The greatest of the "Bentley Boys" was a bear of a man and hardly of racer physique. Woolf ‘Babe’ Barnato enjoyed an unrivalled record at Le Mans – winning on each of his three starts in the race. Despite eventually owning Bentley, he never pulled rank and was happy to drive as instructed.
Upbringing, cricket and Brooklands
Barney Barnato immigrated to South Africa with £25 to his name but when ready to return, he was a millionaire from the diamond mines. However, he was lost overboard on the voyage back to London. His two-year-old son Woolf inherited that considerable fortune but only after a court case that lasted until adulthood.
Having served as a Captain in World War I, Woolf Barnato first raced a Bentley at Brooklands in 1921. When W.O.Bentley hit financial trouble Barnato invested and served as Chairman of the company from 1926 until 1931. He was also a founding member of the British Racing Drivers’ Club and wicket keeper for Surrey County Cricket Club from 1928 to 1930.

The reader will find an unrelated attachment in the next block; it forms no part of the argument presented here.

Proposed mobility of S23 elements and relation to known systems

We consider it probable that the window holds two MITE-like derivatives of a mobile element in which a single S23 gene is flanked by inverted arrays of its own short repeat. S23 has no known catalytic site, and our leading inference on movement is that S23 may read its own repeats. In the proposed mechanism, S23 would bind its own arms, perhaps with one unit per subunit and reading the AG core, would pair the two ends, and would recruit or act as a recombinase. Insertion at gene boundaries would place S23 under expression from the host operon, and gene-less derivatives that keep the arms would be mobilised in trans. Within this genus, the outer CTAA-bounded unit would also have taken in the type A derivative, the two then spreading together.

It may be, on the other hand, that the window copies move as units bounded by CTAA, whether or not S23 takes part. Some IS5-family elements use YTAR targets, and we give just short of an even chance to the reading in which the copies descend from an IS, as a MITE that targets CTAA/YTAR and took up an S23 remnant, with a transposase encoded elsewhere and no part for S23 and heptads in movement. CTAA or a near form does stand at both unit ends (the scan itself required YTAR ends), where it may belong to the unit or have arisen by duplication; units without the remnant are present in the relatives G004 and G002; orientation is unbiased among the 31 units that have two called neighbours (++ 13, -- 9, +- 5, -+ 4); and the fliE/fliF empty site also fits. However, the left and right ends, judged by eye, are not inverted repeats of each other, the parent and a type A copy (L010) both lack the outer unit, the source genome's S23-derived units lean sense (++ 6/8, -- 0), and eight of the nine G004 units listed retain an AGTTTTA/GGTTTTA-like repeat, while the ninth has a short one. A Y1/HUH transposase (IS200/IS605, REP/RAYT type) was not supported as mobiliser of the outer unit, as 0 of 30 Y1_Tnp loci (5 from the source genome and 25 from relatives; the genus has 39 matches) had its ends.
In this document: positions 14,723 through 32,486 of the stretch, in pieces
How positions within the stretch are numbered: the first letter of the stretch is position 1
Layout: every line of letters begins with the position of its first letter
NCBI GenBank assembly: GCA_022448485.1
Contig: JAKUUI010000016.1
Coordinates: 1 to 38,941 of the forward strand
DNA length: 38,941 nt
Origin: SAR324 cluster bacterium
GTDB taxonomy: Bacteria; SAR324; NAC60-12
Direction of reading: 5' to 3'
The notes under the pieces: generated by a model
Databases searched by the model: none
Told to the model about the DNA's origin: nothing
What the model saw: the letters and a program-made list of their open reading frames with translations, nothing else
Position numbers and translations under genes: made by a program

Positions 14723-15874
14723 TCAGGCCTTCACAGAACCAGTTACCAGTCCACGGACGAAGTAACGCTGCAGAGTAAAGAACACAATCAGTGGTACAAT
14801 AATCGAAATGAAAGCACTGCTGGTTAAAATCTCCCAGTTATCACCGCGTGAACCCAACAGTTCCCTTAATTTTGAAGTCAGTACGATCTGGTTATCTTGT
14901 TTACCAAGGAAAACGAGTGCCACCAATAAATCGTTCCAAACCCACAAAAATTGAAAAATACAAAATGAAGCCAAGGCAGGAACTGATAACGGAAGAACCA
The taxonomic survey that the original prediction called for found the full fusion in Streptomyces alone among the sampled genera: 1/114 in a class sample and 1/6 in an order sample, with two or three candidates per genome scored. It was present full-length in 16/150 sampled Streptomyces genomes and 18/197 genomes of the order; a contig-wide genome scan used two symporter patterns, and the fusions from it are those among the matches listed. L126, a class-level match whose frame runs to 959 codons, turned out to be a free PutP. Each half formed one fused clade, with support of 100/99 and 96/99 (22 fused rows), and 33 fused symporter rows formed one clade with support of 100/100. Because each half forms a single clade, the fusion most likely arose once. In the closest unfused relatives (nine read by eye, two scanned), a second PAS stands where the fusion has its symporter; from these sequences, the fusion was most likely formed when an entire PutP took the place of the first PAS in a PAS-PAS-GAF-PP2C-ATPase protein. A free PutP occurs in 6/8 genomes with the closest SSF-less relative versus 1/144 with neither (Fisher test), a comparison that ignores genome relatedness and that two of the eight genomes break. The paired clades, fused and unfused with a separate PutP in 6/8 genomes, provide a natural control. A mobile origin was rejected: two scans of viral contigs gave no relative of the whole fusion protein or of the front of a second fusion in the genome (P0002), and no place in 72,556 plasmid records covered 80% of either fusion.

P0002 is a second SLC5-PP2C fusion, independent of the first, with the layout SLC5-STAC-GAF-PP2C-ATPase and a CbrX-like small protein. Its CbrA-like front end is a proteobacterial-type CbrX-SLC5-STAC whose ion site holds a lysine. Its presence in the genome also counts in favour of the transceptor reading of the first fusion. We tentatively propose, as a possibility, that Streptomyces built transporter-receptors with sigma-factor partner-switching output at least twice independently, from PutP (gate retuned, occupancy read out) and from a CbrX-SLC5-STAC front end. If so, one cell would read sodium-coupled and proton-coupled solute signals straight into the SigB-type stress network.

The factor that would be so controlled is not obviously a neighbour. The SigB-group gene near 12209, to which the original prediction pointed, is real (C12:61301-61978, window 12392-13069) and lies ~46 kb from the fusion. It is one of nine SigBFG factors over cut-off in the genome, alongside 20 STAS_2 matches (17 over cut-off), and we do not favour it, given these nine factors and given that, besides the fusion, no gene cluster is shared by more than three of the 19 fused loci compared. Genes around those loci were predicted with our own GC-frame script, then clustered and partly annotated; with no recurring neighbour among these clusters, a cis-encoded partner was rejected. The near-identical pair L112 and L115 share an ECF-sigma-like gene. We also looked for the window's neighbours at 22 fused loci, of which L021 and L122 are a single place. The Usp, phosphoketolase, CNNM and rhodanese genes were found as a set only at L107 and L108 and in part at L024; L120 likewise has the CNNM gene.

Unbeaten at Le Mans
However it is as a driver at Le Mans that Barnato is best remembered. Joining the works team in 1928, he shared the winning 4.5-litre Bentley "Sport" (known as "Old Mother Gun") with Bernard Rubin that year – starting his historic run of success in the race.
He repeated the victory in a "Speed Six" in 1929 and 1930 with Tim Birkin and then Glen Kidston sharing the honours. Barnato is the only man to win his first three Le Mans 24 Hour races and he promptly retired from motor racing. The stock market crash of 1929 had put a severe strain on the company’s finances and he struggled to keep it alive before eventually selling to Rolls-Royce in 1931.
With Europe at war again in 1939, Barnato joined the Royal Air Force and reached the rank of Wing Commander. He married for a third time shortly before his death during an operation in 1948. An outgoing, generous and gregarious fellow, a great sportsman was lost aged just 53.